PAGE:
The McLaren P1 debuted in production form at the 2013 Geneva Motor Show. According to McLaren their ultimate objective was to create the best driver’s car in the world on road and track. The last of the limited run of 375 McLaren P1 supercars was delivered to its customer in December 2015.
The McLaren P1 uses an IPAS (Instant Power Assist System) petrol-electric powertrain comprising a 3.8-litre twin-turbo V8 petrol engine, coupled to a single electric motor, collectively known as M838TQ. Combined power output is 916 PS (903 hp). As important as absolute power is the electric motor provides instant torque and offers a range of 11 km (6.8 miles) in full electric mode on the NEDC cycle, which sees emissions drop to zero. In non-electric mode, the P1 returns 34.0 mpg (8.3 l/100 km) on the EU combined cycle, with CO2 emissions of 194 g/km.
Top speed is 401 km/h (249 mph), with the 0–100 km/h standing start acceleration taking 2.8 second. The McLaren P1 will power from rest to 200 km/h in 6.8 seconds, and on to 300 km/h in 16.5 seconds – 5.5 seconds quicker than the McLaren F1.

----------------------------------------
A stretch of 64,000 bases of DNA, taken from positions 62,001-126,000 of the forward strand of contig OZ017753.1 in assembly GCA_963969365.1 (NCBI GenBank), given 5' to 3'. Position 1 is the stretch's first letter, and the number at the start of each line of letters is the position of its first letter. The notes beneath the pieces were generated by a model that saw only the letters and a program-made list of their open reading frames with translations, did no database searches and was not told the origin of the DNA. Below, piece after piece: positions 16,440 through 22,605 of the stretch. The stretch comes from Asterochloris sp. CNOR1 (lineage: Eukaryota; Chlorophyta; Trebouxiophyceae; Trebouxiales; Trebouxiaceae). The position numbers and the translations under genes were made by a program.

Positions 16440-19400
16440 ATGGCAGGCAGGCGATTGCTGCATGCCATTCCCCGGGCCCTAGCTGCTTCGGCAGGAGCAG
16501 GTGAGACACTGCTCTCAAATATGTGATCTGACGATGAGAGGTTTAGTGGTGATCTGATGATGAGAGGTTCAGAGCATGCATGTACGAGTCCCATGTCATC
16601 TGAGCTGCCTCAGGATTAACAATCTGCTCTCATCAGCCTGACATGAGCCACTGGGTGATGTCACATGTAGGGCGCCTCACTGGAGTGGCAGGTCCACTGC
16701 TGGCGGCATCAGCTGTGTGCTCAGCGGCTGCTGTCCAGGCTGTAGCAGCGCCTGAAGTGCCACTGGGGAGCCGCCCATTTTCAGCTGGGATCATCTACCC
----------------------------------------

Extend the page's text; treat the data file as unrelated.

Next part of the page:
The McLaren P1 features a bespoke braking system developed with Akebono. The specially formulated carbon ceramic discs, coated in silicon carbide, bring the McLaren P1 to a halt from 62 mph (100 km/h) in a distance of 30.2 metres.
Two areas of Formula 1 technology evident on the McLaren P1 include IPAS (Instant Power Assist System), a development of KERS (Kinetic Energy Recovery System) used on Formula 1 cars, and DRS (Drag Reduction System), used to give extra power and straight-line speed at the touch of a button. Similar to Formula 1 cars, the McLaren P1 is made entirely of light-weight carbon fibre.
In addition, the McLaren P1 also features adjustable ride height as part of the new hydro-pneumatic suspension. A RaceActive Chassis Control (RCC) can lower the car by 50mm in Race mode, to produce ground effect aerodynamics.
The McLaren P1 name is also inspired by Formula 1. P1 refers to ‘first place’ or ‘position one’. The name, historically, can also trace back to the McLaren F1 - initially known internally within McLaren as Project 1, or P1.